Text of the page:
Archaeologists find evidence of 2,000-year-old Iron Age feast

Iron Age Britain: Cannibalism evidence discussed by expert

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Archaeologists have made a spectacular discovery after unearthing evidence of a 2,000y ear-old feast from the Iron Age while excavating the site of a road improvement scheme. When experts were digging at the site of the proposed work on the A428 between the so-called Black Cat roundabout in Bedfordshire and Caxton Gibbet in Cambridgeshire, they may not have expected to come across anything mind-blowing. 

 

But during the dig, the team from the Museum of London Archaeology (MOLA) was lucky enough to stumble across a pit full of animal bones, pottery and burnt stones. 

Ancient pottery and animal bones reportedly indicate the location was likely a communal area for feasts. the finds could reveal imported insights into changes in diet and gifting during the time period. 

The researchers also suspect that they found evidence of a large fire that Iron Age communities would likely have gathered around for big feasts between the years 800BC and AD43.

Experts are now set to analyse the bones, pottery, and other evidence, including burnt grains. This will help to more accurately pinpoint the time period and gain further insights into the Iron Age feast.

Gary Brogan, MOLA Project Director said: “The A428 excavations are an amazing opportunity, we are getting to see the big picture of life in the past across the region.

“Uncovering an Iron Age feast and possible evidence for beer brewing in the early Roman period, is transforming our understanding of the past communities of Bedfordshire and Cambridgeshire, from what they were eating and drinking, to how they may have traded both locally and across the Roman Empire.”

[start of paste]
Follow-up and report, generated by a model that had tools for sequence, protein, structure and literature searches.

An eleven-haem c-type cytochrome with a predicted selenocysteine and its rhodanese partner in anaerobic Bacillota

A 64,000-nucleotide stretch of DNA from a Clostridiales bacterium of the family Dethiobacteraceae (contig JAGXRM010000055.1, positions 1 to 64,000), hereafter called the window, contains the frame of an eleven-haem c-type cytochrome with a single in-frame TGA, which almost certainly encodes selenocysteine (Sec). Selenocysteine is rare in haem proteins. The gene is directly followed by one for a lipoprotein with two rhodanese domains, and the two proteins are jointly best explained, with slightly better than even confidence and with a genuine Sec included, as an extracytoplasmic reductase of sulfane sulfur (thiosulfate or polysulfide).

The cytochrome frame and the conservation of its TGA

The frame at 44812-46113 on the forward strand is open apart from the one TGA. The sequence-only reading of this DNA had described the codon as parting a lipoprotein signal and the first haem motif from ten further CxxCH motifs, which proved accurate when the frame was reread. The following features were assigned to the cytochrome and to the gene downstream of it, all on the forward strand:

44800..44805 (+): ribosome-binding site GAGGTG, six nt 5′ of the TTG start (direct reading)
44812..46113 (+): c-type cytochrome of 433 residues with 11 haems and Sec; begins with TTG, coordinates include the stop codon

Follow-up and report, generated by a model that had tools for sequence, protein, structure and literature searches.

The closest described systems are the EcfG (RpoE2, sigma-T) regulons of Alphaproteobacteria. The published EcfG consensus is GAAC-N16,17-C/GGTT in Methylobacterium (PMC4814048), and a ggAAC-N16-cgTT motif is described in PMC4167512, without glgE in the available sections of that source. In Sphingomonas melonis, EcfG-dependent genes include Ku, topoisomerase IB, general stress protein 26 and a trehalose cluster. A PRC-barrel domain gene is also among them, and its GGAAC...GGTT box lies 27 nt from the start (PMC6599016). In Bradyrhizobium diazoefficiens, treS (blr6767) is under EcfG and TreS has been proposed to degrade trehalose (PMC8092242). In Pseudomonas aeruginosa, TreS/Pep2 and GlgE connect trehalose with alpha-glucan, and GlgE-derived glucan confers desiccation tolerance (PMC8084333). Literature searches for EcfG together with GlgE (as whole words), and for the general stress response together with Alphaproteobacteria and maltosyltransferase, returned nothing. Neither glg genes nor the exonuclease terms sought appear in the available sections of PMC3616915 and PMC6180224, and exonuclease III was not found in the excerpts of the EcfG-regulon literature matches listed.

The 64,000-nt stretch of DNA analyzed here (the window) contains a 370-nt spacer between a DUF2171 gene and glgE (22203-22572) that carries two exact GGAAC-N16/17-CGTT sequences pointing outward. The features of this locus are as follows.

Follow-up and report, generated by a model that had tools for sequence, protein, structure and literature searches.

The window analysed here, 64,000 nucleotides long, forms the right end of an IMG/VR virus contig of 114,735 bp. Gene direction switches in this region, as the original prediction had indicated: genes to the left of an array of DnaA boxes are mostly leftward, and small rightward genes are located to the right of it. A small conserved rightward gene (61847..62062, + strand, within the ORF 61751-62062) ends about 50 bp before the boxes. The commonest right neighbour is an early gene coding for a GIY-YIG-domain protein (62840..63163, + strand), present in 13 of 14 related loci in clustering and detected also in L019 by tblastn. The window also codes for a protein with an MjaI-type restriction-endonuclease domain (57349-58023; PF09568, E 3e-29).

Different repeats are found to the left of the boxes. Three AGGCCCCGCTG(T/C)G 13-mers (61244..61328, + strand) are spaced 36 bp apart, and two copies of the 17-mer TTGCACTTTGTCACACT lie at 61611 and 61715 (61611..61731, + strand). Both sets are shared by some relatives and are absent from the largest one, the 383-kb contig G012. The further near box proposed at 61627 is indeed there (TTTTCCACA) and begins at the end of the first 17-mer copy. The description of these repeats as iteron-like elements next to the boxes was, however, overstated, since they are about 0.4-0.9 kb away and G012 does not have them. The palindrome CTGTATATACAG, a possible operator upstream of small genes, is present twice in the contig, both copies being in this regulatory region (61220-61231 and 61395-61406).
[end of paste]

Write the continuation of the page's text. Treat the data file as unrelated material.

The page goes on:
Lorraine Bennetts, senior project manager at National Highways, said: “It’s been wonderful to see how the A428 improvements are revealing the stories of the people living in Bedfordshire and Cambridgeshire thousands of year ago, which we hope will inspire and intrigue local residents in the present day,” she said.

“The uncovering of this Iron Age feast is just the beginning, and we look forward to sharing more information as the dig progresses.”

A MOLA spokesperson said: “As large quantities of grains are only allowed to germinate when the aim is to produce malt – the first step in the brewing process – this strongly suggests the people living at the settlement were involved in beer production.”

But Project science advisor Rachel Ballantyne said that beer was not necessarily made at this exact spot. She said: “It is possible only malt was being produced here, which was then taken to be brewed elsewhere.

“This raises interesting questions about how the people living in this farm might have been interacting with neighbouring communities as part of a wider trade network.”The germinated grains are likely to have been accidently burnt, but this ancient mistake has benefitted our research.”

Experts have also found Neolithic and Bronze Age flint arrowheads at the site,  dating to between 4000 to 700BC. This discovery suggested that people were hunting animals in the area well in advance of the farmstead.

They also found two 15m (49ft) round houses, providing evidence of a settlement at the site, while the remains of butchered animals, pottery, loom weights for weaving and personal items were also discovered. 

Lead archaeologist Dr Steve Sherlock said: “What is particularly exciting is the site was initially established beside a substantial boundary ditch and we think this boundary was used to define perhaps a tribal area.

“This large ditch seems to have been maintained and occasionally redefined, whilst Iron Age settlements here and elsewhere respect the feature.”

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